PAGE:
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Swedish train takes wrong track and ends up in the wrong town, yet no one seems to know why

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Swedish train takes wrong track and ends up in the wrong town, yet no one seems to know why
File phot of a Swedish railway track. Photo: Junge Heiko/TT
14:30 CEST+02:00
Complaints about trains being delayed may be a cliché in Sweden, but complaints about trains ending up in the wrong place are not. Yet that's exactly what happened on Sunday – and there are disagreements over why.

An SJ train carrying 130 passengers from Stockholm Central was supposed to head south along the coast to Nyköping followed by Norrköping further along the same line. Instead however it inexplicably turned west after reaching Södertälje just outside Stockholm, ending up in Gnesta, 45km away from its correct destination.


Where the train was supposed to go. Photo: Google Maps


Where the train ended up... Photo: Google Maps

And there is disagreement over exactly why it happened. State railway owner Trafikverket has suggested a hapless driver could be to blame, but operator SJ countered that drivers do not control the paths the trains take, and that is instead controlled by Trafikverket's computers.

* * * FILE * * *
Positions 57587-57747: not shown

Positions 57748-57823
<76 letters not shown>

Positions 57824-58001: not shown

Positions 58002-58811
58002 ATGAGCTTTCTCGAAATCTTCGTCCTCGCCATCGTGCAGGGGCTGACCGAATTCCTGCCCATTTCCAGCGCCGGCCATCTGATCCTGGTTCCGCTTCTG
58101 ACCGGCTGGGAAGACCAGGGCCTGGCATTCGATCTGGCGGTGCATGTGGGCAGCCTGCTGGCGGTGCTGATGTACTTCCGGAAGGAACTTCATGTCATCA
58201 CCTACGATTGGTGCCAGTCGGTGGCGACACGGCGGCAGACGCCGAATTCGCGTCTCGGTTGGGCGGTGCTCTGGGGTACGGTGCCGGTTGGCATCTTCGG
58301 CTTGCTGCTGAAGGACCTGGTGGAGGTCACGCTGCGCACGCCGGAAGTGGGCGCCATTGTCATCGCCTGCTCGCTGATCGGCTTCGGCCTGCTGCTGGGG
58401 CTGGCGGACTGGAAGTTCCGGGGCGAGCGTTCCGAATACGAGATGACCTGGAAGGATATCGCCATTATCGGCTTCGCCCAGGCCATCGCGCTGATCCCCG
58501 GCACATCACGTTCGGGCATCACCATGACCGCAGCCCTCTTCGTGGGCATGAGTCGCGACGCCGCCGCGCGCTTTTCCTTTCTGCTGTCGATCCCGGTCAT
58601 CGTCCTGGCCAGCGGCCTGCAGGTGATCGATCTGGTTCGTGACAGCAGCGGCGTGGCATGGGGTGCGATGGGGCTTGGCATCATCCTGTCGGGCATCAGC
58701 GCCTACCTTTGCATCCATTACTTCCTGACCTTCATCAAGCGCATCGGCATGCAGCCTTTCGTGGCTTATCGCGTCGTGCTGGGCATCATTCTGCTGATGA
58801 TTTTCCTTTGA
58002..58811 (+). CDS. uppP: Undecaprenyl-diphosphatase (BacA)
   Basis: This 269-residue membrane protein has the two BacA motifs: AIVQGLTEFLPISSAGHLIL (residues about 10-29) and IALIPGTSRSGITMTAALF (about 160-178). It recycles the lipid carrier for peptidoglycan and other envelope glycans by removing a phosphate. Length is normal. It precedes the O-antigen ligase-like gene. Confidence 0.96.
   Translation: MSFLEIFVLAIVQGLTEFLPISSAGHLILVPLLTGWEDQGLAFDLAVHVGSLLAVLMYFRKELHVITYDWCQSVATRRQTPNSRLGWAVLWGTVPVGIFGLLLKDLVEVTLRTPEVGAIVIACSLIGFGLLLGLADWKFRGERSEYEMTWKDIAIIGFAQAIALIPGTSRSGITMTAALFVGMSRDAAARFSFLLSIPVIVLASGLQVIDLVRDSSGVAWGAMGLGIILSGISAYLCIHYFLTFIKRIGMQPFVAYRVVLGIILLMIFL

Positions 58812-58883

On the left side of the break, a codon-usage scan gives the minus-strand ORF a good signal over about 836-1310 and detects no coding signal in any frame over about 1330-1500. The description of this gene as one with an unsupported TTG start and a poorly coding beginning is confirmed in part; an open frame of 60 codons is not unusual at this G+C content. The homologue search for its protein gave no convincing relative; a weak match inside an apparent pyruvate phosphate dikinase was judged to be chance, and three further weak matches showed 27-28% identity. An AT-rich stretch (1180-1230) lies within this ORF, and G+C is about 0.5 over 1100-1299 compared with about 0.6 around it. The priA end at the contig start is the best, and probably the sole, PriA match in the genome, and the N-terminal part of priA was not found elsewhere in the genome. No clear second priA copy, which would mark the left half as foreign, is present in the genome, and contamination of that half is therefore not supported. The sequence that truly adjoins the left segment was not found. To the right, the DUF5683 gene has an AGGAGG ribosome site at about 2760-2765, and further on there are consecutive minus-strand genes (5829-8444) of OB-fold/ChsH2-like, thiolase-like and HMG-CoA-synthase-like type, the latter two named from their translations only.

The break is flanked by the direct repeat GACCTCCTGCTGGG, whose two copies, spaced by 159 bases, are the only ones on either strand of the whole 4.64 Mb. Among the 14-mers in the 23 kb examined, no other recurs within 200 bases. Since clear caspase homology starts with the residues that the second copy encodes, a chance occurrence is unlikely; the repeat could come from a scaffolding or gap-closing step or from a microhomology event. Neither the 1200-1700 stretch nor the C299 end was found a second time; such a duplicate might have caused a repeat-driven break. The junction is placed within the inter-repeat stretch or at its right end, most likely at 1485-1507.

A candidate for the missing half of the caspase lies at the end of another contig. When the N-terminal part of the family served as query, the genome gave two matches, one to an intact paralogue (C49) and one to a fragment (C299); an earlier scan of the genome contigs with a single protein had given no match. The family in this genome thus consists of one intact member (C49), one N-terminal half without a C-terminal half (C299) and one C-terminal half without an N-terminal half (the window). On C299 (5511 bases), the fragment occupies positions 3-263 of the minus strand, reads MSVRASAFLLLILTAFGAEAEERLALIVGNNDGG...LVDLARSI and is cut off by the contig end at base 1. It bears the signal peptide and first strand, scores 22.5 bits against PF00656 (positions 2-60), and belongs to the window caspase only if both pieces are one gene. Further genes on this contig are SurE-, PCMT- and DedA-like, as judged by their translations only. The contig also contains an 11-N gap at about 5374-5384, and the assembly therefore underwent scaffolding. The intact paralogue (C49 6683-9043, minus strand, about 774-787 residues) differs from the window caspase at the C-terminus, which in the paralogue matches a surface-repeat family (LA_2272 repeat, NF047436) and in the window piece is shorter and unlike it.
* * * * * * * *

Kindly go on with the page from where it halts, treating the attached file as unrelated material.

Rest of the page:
"For some reason he drove in the wrong direction. When he tried to go back from Gnesta he drove against a red signal," Sofie Hammarberg from Trafikverket told news agency TT.

"A train driver can't drive the wrong way, it's the railway signalling that was wrong. That can be because of human error, or because of an error in the traffic management's data system," responded SJ's press officer Niklas Härenstam.

READ ALSO: Swedish trains getting later as delays grow

After arriving in Gnesta the passengers were given help getting back to Södertälje to get on a new train. Their journey was ultimately delayed by around three hours. 

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